Today’s post was generously contributed by Sue Woodruff-Noland who got in touch with me several months ago to share some very interesting information on her Woodruff-related travels and Woodruff ancestors. We figured out that our common Woodruff ancestor is John “the Elder” Woodruff (b. 1637, m. Sarah Ogden), so we are cousins albeit very distant ones! I hope this blog’s readers, particularly those who are Woodruff descendants, will find Sue’s post of great interest. Please feel free to leave comments in the box below.
The days in Northern Michigan are still warm and steamy, but the rascally squirrels are busy hiding acorns, so I think I need to gather “acorns of wisdom” and share them with the generations of John “The Immigrant” Woodruff (1604, Fordwich, Kent, England), whose descendants are abundant.
Likely you all know the lineage from John and where your lines diverge. From the Bentley Historical Library at the University of Michigan, my son, Andrew (the family genealogist) and I have further records provided by a descendant named Charles M. Woodruff (1851-1932) that pre-date John “The Immigrant.” Charles states, “The facts are attested by documentary and historical records; wills, marriage licenses, church rolls, etc. The generations from our progenitor, John Gosmer, gentleman, Mayor of Fordwich, England, 1638 are eleven generations.”
From Charles’ genealogy:
1503, Thomas Woodruff (1), Fordwich, Eng., a jurat, and “trusted envoy of ye town.” Died 1552.
William Woodroffe (2), son of Thomas, senior jurat, “key keeper of town chest, a very honorable office conferred upon the two best men of the liberty;” died 1587.
Robert Woodroffe, married Alice Russell at St. Mary Northgate, antiguous to Fordwich, 1573; he and his brother William figure in town books as freemen; William’s line became extinct in 1673; Robert is recorded as jurat and church warden in 1584, died in 1611.
Charles then records John (5), John (6), and John (6)A. Our common ancestor is John (5), baptized at St. Mary Northgate in 1604. Hopefully you have been able to follow…vaguely?… along thus far. Genealogy is not my strong suit; telling stories is. And here is our story.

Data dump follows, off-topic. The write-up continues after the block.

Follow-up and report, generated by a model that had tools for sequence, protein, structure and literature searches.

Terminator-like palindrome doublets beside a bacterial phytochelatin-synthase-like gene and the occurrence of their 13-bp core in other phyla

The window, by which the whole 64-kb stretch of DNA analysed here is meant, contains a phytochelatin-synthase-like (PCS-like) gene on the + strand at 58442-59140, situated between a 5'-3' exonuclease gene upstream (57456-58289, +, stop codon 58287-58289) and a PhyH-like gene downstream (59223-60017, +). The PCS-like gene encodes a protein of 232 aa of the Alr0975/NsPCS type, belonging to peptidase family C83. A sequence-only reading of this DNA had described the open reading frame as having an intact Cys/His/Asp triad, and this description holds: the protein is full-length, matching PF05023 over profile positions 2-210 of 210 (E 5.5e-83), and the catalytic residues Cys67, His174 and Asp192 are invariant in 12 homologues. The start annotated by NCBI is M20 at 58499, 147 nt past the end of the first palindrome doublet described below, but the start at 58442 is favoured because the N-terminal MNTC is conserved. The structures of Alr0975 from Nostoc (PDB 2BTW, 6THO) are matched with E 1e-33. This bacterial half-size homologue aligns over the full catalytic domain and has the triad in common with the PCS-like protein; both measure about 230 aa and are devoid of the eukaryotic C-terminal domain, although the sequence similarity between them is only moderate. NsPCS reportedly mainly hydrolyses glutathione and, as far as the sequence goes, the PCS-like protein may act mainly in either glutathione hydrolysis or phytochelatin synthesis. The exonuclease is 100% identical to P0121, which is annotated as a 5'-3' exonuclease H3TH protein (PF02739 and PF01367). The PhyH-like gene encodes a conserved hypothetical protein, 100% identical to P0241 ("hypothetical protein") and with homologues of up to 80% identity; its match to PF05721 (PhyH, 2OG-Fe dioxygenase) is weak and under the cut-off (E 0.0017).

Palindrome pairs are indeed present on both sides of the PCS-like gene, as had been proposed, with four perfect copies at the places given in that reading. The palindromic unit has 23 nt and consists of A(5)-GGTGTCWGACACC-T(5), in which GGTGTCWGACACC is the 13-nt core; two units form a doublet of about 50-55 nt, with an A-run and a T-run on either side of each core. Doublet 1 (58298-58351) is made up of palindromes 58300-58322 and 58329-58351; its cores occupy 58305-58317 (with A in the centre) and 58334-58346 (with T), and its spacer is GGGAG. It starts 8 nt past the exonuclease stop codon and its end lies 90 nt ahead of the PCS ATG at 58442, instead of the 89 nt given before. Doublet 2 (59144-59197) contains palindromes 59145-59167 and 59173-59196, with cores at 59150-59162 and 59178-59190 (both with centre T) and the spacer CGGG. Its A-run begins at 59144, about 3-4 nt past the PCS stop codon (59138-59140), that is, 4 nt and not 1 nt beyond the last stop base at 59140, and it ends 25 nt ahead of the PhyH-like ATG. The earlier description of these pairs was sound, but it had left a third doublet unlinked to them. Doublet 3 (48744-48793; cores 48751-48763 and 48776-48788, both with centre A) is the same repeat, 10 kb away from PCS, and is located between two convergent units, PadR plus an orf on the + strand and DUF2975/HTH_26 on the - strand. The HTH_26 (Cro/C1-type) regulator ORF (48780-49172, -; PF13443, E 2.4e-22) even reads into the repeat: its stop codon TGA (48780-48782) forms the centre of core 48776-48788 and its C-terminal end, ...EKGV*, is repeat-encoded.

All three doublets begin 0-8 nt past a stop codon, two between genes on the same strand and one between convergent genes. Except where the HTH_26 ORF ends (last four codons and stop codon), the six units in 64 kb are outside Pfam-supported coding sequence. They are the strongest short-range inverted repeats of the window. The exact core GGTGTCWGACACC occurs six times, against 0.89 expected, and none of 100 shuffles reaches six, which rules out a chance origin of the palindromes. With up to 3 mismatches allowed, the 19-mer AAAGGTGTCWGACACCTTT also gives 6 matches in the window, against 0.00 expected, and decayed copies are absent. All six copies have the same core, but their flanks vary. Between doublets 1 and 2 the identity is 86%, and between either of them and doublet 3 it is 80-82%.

In early October 2014 I called Andrew and asked if he would like to go to Ireland to explore our ancestral homeland, Co. Mayo. Of course, he jumped at the opportunity; he also asked to add on a week in England to explore ancestral areas there, and a two-week trip became three. (Son, Neil, living and working in China, was unable to arrange so much time off work to join us.)
About 10 years ago, Andrew serendipitously acquired the 1597 Geneva Bible belonging to the Woodruff family. Woodruff cousins paid for a specially made box to preserve the remains of the Bible (at least the first five books of the Bible are worn away, i.e., g-o-n-e), though happily and thankfully the center pages remain intact. I bought Andrew a new, sturdy backpack and on 9 May 2015 the Woodruff Family Bible began its ancestral journey back home to Fordwich, Kent, England.
We arrived in London 10 May and did a very cursory tour of London, leaving Tuesday, 12 May for Canterbury, arriving around 10 a.m. After taking luggage from the rear seat and the ‘boot’ to our assigned room, we set out for our ancestral village, Fordwich, about four miles northeast of Canterbury. Fordwich is Britain’s smallest town and first recorded as an inhabited place in 675 A. D. I’m not sure if we saw the entire tiny village or not. We walked along sun-dappled lanes, past both a large, modern home and also quaint, sweet little cottages (note the 1650 designation on the cottage pictured here!)
And then, there it was: our ancestor’s church, the Church of St. Mary the Virgin (St. Mary’s Church.)